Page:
# Why are SDEs wrt different variables?

I am reading mathematical finance on my own. I am wondering how are differentiation wrt different variables defined.

In stochastic calculus, we can see equations like, $$dX_{t} = \mu dt + \sigma dW_{t}$$. But I am wondering how to differentiate some equations to get this. My questions arouse from my intuition from ODEs. In ODEs, an equation $$y = f(x)$$ only can be differentiated as, for example, $$\frac{dy}{dx}=t$$, then we can multiply $$dx$$ to both sides to get $$dy = tdx$$.

So what should $$X_t$$ look like, and especially the operator look like, in order for us to multiply it on both sides. In other words, given an arbitrary stochastic process, are we able to differentiate it?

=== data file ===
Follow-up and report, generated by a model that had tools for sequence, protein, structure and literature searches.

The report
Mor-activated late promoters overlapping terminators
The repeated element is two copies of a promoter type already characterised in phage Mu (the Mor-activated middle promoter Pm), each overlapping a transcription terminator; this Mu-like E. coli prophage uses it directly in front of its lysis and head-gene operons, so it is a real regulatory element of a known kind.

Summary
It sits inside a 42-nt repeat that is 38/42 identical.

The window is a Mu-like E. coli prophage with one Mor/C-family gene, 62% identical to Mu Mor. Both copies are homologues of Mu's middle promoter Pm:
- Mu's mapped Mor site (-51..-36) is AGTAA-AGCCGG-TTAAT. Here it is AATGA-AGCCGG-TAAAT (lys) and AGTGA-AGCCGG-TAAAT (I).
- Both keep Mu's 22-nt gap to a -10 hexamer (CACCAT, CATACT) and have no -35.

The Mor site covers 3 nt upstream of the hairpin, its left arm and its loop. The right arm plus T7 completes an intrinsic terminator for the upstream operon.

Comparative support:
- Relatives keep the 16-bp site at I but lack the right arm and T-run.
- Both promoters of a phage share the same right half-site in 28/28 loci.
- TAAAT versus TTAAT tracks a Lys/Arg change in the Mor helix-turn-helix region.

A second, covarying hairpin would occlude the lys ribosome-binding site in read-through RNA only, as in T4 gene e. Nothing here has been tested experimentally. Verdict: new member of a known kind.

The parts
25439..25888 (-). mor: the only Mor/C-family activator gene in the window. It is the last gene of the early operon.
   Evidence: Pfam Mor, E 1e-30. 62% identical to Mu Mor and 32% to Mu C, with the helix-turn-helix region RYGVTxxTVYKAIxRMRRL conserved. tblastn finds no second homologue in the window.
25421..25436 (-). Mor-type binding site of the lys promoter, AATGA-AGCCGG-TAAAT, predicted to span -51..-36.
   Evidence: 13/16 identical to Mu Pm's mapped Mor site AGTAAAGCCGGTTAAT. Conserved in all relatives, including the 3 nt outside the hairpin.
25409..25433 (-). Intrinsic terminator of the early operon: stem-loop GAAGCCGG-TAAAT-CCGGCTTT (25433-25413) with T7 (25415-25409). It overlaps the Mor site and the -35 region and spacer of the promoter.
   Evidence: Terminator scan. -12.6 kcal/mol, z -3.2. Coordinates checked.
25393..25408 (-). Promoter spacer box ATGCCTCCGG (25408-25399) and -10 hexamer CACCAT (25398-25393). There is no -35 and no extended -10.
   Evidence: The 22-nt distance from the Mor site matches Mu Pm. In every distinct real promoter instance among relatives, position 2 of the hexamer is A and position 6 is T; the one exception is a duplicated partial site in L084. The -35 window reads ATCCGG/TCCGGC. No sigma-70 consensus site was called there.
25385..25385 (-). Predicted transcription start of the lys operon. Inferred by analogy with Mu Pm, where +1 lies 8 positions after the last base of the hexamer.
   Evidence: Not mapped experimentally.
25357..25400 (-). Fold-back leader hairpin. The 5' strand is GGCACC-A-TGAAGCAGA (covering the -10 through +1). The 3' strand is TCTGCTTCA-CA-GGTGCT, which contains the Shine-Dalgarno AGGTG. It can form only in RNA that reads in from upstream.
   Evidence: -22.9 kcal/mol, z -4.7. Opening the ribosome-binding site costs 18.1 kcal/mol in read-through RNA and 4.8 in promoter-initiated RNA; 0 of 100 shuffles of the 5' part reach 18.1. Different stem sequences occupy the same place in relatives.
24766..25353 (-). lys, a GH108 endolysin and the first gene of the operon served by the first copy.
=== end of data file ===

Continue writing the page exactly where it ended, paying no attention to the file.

• "Differentiate" is used in a loose sense here. Commented Oct 13, 2021 at 22:40
• Theses kind of processes typically are not differentiable at all. The SDE essentially is just a short-hand notation for a corresponding integral equation, which gives rigorous meaning to those objects. Commented Oct 14, 2021 at 6:31
• @Tobsn Thank you for your comment. It sounds like what I thought. So basically, stochastic calculus only consists of integrations, while differentiation is only a shorthand rather than a proper operation? Commented Oct 14, 2021 at 20:47

Consider the following stochastic process from time $$[0, t]$$ then given $$dX_s = \mu ds + \sigma dW_s$$ where $$W_s$$ is the standard Wiener process, we have
$$\int_0^t dX_s = X_t - X_0 = \int_0^t \mu ds + \int_0^t \sigma dW_s$$.
If the drift and diffusion coefficients are constants, we can make a further simplification to obtain $$X_t = X_0 + \mu (t+0) + \sigma (W_t - W_0) = X_0 + \mu t + \sigma W_t$$ because $$W_0$$ is defined to be $$0$$ almost surely.